DEAR ABBY: I went into our home office and noticed that my wife had left her e-mail on. I spotted an odd name, so I opened one of the messages and my jaw dropped. It was from a man with whom my wife was having an affair. The e-mails were so graphic as to leave nothing to the imagination. This person is someone with whom my wife had an affair before we got together. He was going to leave his wife and live with her before we met, but when push came to shove, he stayed with his wife and just used mine for sex.
One of the messages discussed a planned meeting that did not take place only because he got stuck at work. She e-mailed him and told him he could stop by the house any night after 10 and have sex for an hour or two because our 5-year- old son and I were sleeping in other bedrooms!
She insists that nothing happened, which I have trouble believing. We have been seeing a therapist who believes my wife, and says that since nothing happened it wasnt an affair. I disagree. Am I wrong?
FURIOUS IN NEW JERSEY
DEAR FURIOUS: You now have two problems. You have a therapist who is siding with your wife, and an advice columnist who sees it your way. No, I do not think you are wrong. And unless your wife can come up with a satisfactory explanation for inviting her old lover over for sex under the same roof as her child and her husband, Id say your marriage is O.V.E.R.
DEAR ABBY: I have one sister. Our mother is deceased. When our father passes away, he will leave a sizable estate to my sister and me, consisting of two homes and various businesses.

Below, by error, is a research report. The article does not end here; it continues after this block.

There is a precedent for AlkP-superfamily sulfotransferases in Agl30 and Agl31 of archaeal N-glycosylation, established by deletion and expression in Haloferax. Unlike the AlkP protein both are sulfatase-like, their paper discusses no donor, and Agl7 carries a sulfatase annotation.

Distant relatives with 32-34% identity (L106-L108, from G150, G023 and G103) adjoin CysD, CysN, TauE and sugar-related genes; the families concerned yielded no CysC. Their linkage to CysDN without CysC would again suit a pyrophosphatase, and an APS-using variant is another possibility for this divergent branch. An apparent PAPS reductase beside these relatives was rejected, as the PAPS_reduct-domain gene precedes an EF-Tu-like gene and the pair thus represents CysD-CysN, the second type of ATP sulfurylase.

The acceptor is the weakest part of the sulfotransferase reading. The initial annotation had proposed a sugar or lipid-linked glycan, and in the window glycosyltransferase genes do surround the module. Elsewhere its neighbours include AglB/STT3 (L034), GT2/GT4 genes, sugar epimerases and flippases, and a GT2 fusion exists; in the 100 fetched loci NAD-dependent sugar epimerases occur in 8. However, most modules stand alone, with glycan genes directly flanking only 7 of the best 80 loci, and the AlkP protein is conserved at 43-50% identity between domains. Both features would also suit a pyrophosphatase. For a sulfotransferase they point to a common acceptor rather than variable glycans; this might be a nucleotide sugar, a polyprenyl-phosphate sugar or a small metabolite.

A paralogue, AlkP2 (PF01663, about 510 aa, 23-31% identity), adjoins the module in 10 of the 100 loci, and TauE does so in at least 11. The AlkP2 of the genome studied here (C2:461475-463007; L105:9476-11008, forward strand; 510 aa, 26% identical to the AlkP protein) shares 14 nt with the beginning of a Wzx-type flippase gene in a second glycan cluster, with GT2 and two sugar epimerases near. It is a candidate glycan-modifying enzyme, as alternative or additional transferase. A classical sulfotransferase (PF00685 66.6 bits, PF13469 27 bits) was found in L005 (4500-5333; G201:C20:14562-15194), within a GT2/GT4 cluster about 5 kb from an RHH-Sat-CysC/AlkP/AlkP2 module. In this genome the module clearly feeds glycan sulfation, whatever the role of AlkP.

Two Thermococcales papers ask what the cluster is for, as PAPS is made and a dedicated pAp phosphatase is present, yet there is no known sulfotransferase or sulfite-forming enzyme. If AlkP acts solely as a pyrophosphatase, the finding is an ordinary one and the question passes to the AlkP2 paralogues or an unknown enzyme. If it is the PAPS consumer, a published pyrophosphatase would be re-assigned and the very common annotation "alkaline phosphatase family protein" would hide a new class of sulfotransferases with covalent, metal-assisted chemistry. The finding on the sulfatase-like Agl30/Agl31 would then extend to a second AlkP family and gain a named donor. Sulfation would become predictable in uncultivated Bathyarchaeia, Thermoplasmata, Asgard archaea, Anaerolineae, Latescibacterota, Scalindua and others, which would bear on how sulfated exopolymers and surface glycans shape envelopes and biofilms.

Because my sister lives 300 miles away, I will likely be the one taking care of Dads affairs after his death. This will involve a great deal of time, going through both houses, some cleaning, and too many phone calls to count, etc.
Would it be fair to keep track of the time my husband and I devote to this, charge an hourly fee, and deduct it from my sisters share of our fathers estate? Lets face it, fair is fair.
DEAR DREADING: It seems fair to me. However, if your father has his faculties, this is something that should be discussed while hes still living so it can be noted in his will. If hes too ill to talk, then speak to the lawyer who drew up the will. You may be surprised to learn that what you have in mind is usual and customary. The lawyer can explain it to you.
DEAR ABBY: I have a friend, Craig, whom I have known almost a year. We have become closer than friends in a lot of ways except the one way that counts, if you know what I mean.
Craig likes to tease me about sex, but says it will never happen because he doesnt want to ruin the friendship. Do you think its fair for him to arouse me and then just run out the door?
Craig says he doesnt want me, but when I go out on dates with other people he gets mad. How should I handle this?
IRRITATED IN GEORGIA
DEAR IRRITATED: The key phrase in your letter is he says he doesnt want me. Craig may enjoy teasing you (a power play), or he might be gay (unavailable for romance). In either case, the result will be frustration for you if you allow the relationship to continue as it is. I say, move on.
What teens need to know about sex, drugs, AIDS, and getting along with peers and parents is in What Every Teen Should Know. To order, send a business-size, self-addressed envelope, plus check or money order for $6 (U.S. funds) to: Dear Abby, Teen Booklet, P.O. Box 447, Mount Morris, IL 61054-0447. (Postage is included.) Write Dear Abby at www.DearAbby.com or P.O. Box 69440, Los Angeles, CA 90069.